Editor’s note: This story is part of a special report focusing on the impact of COVID-19 on retail and ecommerce.

DURHAM – Spoonflower is another ecommerce startup that is winning big at the moment during a global pandemic.

Starting in early April, this Durham-based custom digital printing company says it had started to receive a surge in orders for its fabrics. Stuck at home, people needed material for new home projects, or to make masks or blankets.

“You name it,” said its CEO Michael Jones in a recent video call. “We were doing about 33 percent year-over-year growth in March, and it went from [that] to literally tripling in less than a week,” he said. “It’s been a really, really big change for us,” he added, “not only from a supply standpoint, a demand standpoint but then also how we have to manage and operate our business.”

Spoonflower is having to scale quicker than expected.

Within 30 days, the startup doubled the size of its factory to 50,000 square feet and added three new industrial printers – one flown all the way from Israel. It’s also hired 45 new employees.

“We can’t hire them fast enough,” he said, adding plans for another 50 hires in coming months.

“It’s been really unbelievable how quickly we’ve had to make these changes,” said Jones.

WRAL TechWire’s Chantal Allam recently had the chance to chat with him by Zoom call where he took the call from his home in the Triangle. This interview has been edited and adapted for the space. Here’s what he had to say:

  • How long have you been CEO of the company?

Not very long, I started in January. In 20 days, or so somewhere in that range, the pandemic hit.

  • Then what happened?

If you look at the first quarter of the year, things are doing great and growing, a very healthy year over a year. Then the pandemic hit. We do a lot of business in Asia because that’s where the fabric comes from. So the pandemic kind of hit us much quicker from a supply chain side, so we had to really manage that and get in front of it. We got as much fabric pulled forward into the US as we possibly could. We also have a European operation that’s based in Berlin, Germany. So obviously, COVID-19 went from sort of Asia into Europe, and we started to see some impacts on the business there. Then obviously it hit here in the US, and we saw the impact here. What was interesting, we saw a one-week period where there was a little bit of dip in the business from an overall revenue standpoint, and then after that week, a massive surge.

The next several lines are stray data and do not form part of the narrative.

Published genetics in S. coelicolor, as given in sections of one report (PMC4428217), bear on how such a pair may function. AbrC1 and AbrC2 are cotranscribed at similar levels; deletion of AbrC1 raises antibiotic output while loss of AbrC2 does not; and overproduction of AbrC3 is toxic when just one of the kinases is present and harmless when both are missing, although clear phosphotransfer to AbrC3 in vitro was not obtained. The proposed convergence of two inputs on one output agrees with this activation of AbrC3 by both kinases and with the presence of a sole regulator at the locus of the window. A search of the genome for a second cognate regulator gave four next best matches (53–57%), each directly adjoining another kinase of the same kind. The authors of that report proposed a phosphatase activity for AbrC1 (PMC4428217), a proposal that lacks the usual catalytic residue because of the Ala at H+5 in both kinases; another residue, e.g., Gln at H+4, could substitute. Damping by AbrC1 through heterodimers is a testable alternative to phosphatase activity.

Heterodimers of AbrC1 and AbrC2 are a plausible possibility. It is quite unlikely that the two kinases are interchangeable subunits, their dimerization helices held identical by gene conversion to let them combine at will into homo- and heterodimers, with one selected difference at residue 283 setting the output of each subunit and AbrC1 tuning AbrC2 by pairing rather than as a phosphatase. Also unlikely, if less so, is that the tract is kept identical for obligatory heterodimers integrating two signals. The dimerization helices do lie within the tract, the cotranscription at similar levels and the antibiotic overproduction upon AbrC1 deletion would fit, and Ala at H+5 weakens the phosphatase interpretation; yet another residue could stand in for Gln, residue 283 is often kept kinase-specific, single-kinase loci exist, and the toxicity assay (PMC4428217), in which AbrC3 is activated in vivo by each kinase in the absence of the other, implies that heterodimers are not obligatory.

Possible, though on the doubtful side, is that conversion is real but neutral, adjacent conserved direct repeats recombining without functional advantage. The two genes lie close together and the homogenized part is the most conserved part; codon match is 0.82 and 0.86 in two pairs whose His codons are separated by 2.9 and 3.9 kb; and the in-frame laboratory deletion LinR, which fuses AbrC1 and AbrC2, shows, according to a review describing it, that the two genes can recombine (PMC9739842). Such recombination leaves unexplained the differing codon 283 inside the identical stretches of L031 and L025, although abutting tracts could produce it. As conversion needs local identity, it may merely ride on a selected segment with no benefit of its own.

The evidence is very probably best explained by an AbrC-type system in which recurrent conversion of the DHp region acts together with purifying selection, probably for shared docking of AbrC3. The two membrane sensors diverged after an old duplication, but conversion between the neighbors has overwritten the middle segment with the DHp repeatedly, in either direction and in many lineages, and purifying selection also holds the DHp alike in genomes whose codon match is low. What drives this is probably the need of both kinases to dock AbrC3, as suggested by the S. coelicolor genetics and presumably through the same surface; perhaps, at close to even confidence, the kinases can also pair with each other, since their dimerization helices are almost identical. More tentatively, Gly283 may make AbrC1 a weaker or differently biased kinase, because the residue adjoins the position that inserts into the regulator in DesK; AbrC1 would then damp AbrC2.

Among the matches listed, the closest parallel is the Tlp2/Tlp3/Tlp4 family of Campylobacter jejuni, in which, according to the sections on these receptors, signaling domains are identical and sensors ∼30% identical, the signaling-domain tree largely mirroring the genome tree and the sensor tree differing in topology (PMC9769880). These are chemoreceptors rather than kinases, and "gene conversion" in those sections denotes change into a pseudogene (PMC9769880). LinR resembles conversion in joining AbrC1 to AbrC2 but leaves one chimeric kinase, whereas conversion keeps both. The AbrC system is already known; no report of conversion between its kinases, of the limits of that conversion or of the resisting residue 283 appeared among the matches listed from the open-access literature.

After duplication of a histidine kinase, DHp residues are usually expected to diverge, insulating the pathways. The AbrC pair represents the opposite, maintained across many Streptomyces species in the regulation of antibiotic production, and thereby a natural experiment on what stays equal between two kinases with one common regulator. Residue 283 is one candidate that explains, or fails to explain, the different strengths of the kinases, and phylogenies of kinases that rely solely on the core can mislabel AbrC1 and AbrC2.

• Where did it come from?

You’ve got a ton of people working from home. They’re either redoing their home office because now they have the time, or you’ve got our maker community that buys fabric from us to make, baby clothing, blankets, you name it; and they’re seeing a surge in their business. Of course, there is also mask-making that’s happening.  So it’s been a really, really big change for us, not only from a supply standpoint, a demand standpoint but then also how we have to manage and operate our business.

In Durham, specifically, we now have an additional 25,000 square feet of operation space; we’ve essentially doubled. We took over a new space, but then we also took our office, and that’s now 100 percent factory and warehouse base for us. It’s been really unbelievable how quickly we’ve had to make these changes.

  • Can you give me numbers?

We were doing about 33 percent year-over- year growth in March, and it went from 33 percent to literally tripling in less than a week.

  • So how does ChannelAdvisor fit into all this? Obviously you’re one of their clients.